An increase in Medicaid and uninsured residents means the Allina Health System in Owatonna qualifies once again for a federal drug discount program and it plans to put the savings toward purchasing more of the opioid antidote Naloxone for its system.
Owatonna Hospital President David Albrecht informed the Owatonna City Council last week that the city has once again qualified to participate in the drug discount program established under Section 340B of the Public Health Service Act. The program enables the health care provider to purchase of certain outpatient drugs at discounted prices.
The city last qualified for the program in 2012.
“What this obligates the hospital to do is to continue to provide reduced and discount pricing to indigent, uninsured and underinsured residents in our community,” he said.
In 2019, Albrecht said $4.7 million worth of care was provided to such individuals, and participating in the program will provide an annual value of $100,000 for the hospital. According to the outline of the program, enrolled hospitals and other covered entities can achieve average savings of 25-30% on pharmaceutical purchases.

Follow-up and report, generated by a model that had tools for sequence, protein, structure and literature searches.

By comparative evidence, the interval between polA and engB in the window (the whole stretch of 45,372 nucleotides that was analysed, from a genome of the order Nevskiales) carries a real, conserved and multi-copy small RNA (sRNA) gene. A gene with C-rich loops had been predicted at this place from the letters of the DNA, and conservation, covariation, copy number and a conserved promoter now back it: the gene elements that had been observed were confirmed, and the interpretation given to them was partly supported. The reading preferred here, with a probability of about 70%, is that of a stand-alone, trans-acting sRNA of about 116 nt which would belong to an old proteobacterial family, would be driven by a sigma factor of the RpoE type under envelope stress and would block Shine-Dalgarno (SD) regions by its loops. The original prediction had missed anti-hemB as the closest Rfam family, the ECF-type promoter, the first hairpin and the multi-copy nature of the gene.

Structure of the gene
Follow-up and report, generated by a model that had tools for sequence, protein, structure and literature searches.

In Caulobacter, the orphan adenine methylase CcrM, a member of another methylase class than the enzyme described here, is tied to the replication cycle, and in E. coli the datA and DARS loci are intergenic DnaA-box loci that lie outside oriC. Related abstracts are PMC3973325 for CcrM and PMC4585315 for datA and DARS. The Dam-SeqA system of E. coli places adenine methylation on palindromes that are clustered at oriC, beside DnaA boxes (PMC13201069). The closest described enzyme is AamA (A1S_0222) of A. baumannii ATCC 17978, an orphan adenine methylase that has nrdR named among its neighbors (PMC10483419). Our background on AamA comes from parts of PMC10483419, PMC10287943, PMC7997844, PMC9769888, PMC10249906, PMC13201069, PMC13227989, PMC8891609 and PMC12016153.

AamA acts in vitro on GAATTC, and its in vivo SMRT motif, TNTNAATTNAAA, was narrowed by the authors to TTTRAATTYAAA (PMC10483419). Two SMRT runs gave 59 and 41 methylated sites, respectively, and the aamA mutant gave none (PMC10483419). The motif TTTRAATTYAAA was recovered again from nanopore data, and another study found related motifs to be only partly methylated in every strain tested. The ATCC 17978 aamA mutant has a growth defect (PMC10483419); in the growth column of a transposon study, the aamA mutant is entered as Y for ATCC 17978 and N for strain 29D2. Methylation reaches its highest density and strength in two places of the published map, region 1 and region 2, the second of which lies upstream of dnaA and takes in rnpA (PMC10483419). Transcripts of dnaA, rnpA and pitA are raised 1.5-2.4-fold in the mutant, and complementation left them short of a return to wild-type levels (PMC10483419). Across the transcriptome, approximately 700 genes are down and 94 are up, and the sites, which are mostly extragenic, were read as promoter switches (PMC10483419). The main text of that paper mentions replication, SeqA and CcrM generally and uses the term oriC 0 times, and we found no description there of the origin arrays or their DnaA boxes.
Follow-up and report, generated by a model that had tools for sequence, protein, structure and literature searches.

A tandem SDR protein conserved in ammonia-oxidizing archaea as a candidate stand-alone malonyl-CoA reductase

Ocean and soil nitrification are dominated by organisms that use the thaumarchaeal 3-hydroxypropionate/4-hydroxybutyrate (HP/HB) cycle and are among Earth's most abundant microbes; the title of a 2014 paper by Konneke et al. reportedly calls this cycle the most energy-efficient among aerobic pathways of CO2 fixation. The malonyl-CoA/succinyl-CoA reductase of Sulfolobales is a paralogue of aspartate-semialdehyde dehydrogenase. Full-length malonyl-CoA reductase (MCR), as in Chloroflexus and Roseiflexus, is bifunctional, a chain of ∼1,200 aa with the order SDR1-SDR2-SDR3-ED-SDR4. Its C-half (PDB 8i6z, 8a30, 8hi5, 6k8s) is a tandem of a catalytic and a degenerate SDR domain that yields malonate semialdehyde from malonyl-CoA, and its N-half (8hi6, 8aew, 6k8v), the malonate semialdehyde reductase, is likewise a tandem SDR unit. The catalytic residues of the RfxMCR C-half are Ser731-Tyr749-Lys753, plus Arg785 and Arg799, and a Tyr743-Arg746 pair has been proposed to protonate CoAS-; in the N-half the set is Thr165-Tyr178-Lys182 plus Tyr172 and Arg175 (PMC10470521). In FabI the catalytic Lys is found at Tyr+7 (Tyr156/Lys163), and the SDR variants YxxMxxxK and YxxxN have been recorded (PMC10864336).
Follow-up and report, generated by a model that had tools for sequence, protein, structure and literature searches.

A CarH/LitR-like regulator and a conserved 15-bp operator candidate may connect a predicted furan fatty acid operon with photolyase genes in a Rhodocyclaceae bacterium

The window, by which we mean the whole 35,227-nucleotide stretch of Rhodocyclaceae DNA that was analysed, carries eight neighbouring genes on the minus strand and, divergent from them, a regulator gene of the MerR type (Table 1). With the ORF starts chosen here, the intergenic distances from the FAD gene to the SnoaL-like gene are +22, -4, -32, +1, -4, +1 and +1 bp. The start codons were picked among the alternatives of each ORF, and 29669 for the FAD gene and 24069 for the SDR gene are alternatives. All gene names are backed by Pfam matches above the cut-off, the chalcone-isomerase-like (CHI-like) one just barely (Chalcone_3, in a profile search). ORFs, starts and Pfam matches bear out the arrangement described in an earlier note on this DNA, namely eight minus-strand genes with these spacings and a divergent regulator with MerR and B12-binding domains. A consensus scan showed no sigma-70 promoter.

To demonstrate standing as a good steward of 340B programs, Tony Collings-Kwong, the portfolio manager for Pharmacy Services Allina Health, wrote in a letter to the city the multidisciplinary Allina Health 340B Compliance Committee has committed to use 340B program savings to prevent opioid overdoses in Allina Health’s 12 emergency departments, including Owatonna Hospital, by providing each with Naloxone kits.
To participate in the program, the city council had to approve a Memorandum of Understanding between the city and the hospital. The council unanimously approved the memorandum.